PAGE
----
These garden tours that combine sightseeing with visiting private gardens. Travel is by mini-coach, visiting a selection of top quality private gardens with a horticulturist guide. An opportunity to meet the local homeowners and see a variety of different types of gardens – from country estates, Spanish pacific, hillside, bonsai, English to flower colour. Six different tour options. Departs daily for full and half day trips.
Waihi Waterlily Gardens
441 Pukekauri Road, RD 2, Waihi
Fifteen enchanting acres of gardens, ponds and established park-like grounds located at the intersection of the Coromandel, Waikato and Bay of Plenty Regions. First established in 1950, the gardens now contain mature specimen trees, more than 40 varieties of water lilies, and natural waterways.
586 Tapu Coroglen Road, RD5, Thames
Rapaura is a 64-acre private estate nestled in the midst of the Coromandel Forest Park, 20 minutes north of Thames, offering a superb example of New Zealand nature at its best. It is a mature property, which has evolved over more than 30 years. Native trees and ferns, seasonal exotics, birds in their natural environment, lily ponds, water features, meandering walks over bridges and streams, ponga sculptures by an award winning artist and a relaxing bush walk to a cascading waterfall, ‘The Seven Stairs to Heaven’.
Sea mammals such as whales and dolphins abound in the waters around New Zealand. Ask locally about viewing points from which they can be seen. Alternatively you can go on an organised viewing trip by boat. There are plenty of providers. There is one mentioned below as an example only.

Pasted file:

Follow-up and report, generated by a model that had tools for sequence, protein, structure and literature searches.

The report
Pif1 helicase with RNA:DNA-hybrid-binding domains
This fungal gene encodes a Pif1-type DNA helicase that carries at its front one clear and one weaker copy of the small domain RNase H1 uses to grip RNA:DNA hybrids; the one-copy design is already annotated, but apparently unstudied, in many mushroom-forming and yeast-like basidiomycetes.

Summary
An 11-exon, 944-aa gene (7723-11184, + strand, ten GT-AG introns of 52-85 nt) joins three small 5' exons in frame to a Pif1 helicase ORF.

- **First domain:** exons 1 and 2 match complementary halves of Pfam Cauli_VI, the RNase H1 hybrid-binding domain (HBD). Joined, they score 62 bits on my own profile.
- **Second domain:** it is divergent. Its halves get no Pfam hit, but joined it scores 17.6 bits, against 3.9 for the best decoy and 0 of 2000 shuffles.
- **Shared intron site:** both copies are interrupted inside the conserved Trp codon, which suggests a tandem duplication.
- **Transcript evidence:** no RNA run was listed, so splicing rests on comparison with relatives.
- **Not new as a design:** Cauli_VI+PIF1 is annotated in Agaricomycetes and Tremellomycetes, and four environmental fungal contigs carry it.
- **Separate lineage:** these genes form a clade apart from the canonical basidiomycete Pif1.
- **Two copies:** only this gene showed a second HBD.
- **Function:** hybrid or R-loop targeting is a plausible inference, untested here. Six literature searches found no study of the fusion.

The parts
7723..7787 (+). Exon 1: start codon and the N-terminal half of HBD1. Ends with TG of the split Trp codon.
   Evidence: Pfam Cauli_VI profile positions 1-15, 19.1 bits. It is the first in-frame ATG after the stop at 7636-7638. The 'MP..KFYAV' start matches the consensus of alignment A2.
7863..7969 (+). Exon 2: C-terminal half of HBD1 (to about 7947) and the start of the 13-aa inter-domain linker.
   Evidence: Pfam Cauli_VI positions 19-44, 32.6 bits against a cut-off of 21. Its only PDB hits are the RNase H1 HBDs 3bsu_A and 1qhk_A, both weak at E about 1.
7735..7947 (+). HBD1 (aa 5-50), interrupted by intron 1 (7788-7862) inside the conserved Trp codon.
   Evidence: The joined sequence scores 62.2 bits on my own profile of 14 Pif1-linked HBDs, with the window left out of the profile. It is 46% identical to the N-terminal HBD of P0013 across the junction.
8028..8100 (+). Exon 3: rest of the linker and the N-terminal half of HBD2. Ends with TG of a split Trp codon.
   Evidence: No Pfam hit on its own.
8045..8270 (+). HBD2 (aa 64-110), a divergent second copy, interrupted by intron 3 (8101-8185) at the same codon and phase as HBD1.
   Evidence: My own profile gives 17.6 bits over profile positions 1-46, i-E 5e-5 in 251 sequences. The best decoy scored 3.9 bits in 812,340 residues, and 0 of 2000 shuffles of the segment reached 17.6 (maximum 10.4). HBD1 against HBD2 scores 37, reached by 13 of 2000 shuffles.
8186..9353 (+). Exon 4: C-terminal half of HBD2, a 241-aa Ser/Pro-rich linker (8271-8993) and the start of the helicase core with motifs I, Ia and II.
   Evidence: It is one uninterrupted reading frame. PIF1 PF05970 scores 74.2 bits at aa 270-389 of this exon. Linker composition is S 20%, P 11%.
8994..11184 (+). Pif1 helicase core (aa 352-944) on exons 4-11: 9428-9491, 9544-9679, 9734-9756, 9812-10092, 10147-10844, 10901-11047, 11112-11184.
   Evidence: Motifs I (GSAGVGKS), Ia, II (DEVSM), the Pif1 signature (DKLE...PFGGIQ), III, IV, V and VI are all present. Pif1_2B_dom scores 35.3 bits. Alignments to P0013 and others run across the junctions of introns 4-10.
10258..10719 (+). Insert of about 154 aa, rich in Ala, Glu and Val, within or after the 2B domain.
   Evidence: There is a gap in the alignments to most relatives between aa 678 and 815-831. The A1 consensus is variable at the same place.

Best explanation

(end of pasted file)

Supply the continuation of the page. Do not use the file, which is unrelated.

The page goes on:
First Light Travel
6/1 Westhaven Drive, Westhaven, Auckland
Meet whales and dolphins in their own environment on an educational tour of marine mammal watching hotspots in New Zealand. On our private viewing vessels and with your own expert guide, we have a chance of encountering ten species of cetaceans; humpback, Bryde’s, Southern right, Minke, pilot and sperm whales, and bottlenose, common and Hector’s dolphin, orca, and two species of pinnipeds (the New Zealand fur seal and sealion).
The birdlife in New Zealand is fascinating. More than 80 types of seabird breed along the shores. Some migrate annually from the other side of the world and others are only found within New Zealand waters. The native forests are alive with birdsong and rare native species thrive at open sanctuaries. All you need to go bird watching are your eyes and ears, but a guidebook and a pair of binoculars can help.
For the dedicated bird watcher or twitcher there is a plethora of information on New Zealand species and good birding sites at this website…
There are guided trips where you can benefit from the local knowledge and experience of an expert. An example is below…
Quay Street, Auckland City, Auckland
Tiritiri Matangi Island is one of the world’s most successful conservation projects and 360 Discovery takes you there… up close and personal with some of New Zealand’s rarest birds, in their natural habitat. Five days a week (Wednesday through Sunday) throughout the year leaving from Downtown Auckland’s Pier 4. It’s an experience you won’t regret taking. Spend the day on the island with expert guides explaining all about the conservation techniques used and identifying flora and fauna along the way.